The Romans

StoneageRomanSaxon and NormanMagna Carta Barons


Numerous finds1 of axes and weapons of all three Bronze Age periods have been made in the Thames nearby but the next positive occupation of Wraysbury was by the Romans at O.S. 016 741.  Evidence was also found of Roman sherds in the vicinity of the Neolithic camp suggesting that this are was once again used. CONTENTS

Introduction

Stoneage

Roman

Saxons and Normans

Magna Carta

Barons

Tudor

Manors

Georgian

Victorian

20th century

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Its nearness to Pontes (the bridges), now Staines, indicative of its usage as a river crossing, together with the fact that it lay midway between Londinium, 21 miles east and the Roman garrison town of Silchester, 27 miles west, no doubt made it a favourable spot in which to settle. There seems to have been quite a flourishing Romano-British culture in the Middle Thames in the 2nd century AD, the most favoured sites being along or near the river valleys.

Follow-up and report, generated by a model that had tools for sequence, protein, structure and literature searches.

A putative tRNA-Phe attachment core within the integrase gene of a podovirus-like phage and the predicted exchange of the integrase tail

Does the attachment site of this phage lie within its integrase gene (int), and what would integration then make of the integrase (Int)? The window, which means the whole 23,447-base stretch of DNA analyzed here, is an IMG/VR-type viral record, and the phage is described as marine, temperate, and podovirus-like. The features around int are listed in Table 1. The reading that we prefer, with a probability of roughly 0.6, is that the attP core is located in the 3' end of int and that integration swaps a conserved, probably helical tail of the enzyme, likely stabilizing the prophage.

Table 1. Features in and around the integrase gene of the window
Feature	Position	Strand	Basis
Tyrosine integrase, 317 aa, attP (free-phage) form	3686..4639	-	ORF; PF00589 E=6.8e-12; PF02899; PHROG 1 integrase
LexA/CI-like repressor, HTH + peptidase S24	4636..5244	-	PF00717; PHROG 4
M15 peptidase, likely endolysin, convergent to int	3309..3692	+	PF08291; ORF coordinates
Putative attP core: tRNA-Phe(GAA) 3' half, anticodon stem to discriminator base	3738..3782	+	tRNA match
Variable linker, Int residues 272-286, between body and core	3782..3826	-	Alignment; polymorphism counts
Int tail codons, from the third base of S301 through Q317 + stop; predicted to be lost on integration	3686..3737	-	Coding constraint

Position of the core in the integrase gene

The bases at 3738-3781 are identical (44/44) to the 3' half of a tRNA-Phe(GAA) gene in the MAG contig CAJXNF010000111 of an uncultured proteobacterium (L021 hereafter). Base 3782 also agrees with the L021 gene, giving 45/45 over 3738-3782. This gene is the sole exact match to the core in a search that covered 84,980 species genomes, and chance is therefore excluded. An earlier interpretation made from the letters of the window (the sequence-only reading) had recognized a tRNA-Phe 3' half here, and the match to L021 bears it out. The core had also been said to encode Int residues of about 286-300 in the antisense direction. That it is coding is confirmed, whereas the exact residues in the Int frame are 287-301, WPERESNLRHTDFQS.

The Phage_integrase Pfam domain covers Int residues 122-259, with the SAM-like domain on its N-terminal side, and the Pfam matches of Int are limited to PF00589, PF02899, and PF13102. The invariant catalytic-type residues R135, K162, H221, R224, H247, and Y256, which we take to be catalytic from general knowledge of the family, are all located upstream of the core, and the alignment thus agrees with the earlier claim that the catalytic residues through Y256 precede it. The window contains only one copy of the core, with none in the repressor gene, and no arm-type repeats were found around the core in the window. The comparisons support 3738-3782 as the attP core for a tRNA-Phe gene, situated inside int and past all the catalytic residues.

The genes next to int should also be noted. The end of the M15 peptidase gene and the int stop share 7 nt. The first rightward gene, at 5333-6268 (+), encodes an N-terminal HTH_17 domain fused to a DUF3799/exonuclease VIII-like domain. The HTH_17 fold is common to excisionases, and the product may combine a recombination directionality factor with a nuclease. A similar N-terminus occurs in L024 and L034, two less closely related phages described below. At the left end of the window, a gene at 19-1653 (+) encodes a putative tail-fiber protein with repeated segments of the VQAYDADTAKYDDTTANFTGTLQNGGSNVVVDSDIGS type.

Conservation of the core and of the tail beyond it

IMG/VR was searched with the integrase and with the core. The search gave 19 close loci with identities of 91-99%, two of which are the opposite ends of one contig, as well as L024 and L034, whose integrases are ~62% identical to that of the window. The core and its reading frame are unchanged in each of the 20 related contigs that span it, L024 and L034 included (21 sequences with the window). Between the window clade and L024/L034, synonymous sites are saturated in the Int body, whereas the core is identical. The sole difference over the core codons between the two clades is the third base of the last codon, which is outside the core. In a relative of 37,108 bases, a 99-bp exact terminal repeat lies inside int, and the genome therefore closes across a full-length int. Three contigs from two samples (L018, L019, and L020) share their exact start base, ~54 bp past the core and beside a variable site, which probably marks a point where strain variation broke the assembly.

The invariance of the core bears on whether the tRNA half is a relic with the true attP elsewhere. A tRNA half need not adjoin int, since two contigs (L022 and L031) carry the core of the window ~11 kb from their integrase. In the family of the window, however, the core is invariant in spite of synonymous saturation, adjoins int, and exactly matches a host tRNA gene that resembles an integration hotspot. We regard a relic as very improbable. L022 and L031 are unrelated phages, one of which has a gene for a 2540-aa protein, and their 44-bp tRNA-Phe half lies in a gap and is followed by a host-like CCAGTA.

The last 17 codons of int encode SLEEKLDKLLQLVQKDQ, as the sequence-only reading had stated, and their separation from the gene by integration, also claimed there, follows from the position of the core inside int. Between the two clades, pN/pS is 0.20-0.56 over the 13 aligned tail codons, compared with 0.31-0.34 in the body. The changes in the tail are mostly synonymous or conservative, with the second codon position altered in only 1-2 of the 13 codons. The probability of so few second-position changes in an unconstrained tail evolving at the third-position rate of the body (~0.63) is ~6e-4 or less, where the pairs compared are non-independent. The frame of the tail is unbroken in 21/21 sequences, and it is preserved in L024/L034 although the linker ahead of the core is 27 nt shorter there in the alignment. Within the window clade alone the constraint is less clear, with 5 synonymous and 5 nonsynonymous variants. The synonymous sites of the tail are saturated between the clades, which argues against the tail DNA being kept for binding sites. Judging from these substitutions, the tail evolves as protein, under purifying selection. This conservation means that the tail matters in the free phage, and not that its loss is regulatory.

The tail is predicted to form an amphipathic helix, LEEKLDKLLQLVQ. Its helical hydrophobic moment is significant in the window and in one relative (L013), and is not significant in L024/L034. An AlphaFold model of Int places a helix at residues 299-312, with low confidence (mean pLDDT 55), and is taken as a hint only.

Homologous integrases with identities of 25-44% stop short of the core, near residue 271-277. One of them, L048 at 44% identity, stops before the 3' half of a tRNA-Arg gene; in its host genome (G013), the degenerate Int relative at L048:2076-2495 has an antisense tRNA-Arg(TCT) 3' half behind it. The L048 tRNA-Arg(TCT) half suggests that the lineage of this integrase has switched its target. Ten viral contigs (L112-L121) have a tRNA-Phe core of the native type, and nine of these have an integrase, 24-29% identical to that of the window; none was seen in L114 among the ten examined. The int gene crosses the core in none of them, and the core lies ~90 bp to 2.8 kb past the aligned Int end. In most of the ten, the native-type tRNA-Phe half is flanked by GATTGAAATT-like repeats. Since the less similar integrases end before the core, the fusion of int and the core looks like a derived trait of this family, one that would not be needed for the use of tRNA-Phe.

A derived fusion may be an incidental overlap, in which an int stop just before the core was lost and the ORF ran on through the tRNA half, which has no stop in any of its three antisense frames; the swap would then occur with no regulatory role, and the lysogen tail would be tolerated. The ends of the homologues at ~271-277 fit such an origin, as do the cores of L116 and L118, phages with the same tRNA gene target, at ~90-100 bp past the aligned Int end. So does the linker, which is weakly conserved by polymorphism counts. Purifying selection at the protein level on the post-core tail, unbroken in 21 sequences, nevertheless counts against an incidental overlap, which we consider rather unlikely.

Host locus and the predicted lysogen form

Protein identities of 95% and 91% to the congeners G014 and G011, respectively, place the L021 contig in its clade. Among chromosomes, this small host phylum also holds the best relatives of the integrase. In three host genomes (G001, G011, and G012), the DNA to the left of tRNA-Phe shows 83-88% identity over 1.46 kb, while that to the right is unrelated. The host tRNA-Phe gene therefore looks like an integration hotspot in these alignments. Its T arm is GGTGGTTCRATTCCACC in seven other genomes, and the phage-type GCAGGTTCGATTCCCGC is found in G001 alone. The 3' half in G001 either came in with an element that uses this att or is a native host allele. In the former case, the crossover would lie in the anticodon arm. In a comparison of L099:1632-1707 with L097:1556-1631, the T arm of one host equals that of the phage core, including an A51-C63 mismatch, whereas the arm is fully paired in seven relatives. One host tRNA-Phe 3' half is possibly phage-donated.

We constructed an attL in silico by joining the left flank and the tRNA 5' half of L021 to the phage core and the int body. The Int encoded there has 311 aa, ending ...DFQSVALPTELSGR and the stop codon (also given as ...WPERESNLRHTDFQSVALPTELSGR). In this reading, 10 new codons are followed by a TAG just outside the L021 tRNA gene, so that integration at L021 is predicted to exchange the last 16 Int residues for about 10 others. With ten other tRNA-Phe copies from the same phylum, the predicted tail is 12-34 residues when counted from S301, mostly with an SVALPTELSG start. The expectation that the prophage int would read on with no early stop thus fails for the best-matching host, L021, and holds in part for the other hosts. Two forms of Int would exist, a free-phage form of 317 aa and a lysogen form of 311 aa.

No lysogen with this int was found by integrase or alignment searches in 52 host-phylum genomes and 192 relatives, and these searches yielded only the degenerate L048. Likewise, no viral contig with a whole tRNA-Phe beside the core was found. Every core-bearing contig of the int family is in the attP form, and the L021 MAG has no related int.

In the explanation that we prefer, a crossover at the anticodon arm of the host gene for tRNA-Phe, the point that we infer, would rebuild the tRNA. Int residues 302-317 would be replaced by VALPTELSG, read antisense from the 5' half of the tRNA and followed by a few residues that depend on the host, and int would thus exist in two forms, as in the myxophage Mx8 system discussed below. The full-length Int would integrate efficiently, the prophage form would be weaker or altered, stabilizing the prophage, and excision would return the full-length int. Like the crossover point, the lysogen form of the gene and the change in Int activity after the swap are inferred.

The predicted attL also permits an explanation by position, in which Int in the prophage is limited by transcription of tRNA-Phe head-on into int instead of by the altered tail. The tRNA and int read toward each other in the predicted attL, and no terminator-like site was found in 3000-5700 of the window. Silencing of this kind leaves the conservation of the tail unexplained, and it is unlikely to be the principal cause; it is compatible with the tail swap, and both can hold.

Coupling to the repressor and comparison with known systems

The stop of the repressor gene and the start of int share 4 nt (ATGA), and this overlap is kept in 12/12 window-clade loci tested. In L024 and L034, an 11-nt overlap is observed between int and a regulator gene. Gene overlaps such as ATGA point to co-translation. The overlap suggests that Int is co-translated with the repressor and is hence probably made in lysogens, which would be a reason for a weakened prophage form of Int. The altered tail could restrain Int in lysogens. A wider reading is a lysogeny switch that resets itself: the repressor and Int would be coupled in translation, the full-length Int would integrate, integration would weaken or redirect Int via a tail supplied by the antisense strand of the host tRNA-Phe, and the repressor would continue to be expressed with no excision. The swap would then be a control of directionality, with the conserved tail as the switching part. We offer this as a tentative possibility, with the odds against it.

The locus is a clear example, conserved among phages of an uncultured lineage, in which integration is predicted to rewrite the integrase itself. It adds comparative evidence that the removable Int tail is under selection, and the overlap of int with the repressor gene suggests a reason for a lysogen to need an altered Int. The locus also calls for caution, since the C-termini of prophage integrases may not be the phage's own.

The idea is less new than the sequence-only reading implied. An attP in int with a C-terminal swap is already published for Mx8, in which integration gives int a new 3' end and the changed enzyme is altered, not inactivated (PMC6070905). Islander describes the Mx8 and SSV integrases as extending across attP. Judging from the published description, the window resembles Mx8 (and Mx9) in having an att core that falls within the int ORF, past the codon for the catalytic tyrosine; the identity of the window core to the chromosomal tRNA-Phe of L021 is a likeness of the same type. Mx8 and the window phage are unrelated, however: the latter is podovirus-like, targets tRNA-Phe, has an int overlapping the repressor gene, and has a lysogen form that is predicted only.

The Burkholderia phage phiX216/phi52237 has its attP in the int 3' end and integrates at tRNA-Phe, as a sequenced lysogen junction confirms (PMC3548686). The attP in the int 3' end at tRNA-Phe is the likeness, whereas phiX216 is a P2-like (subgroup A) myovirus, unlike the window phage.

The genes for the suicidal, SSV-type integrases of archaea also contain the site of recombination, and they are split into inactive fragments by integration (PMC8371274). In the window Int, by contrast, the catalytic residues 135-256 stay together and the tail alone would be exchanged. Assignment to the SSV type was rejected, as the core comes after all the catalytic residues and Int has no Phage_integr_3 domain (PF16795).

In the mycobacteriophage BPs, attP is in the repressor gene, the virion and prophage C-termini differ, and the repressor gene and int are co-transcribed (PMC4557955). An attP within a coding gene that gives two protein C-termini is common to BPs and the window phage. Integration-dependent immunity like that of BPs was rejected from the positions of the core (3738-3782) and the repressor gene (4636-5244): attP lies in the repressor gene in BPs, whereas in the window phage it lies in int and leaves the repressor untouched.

Coins found in Wraysbury provide evidence of trading activities. Roman cremation remains  were found at O.S. 00 73.  The evidence seems to suggest a fairly well populated and settled rural community.
1These are now housed in Reading Museum.

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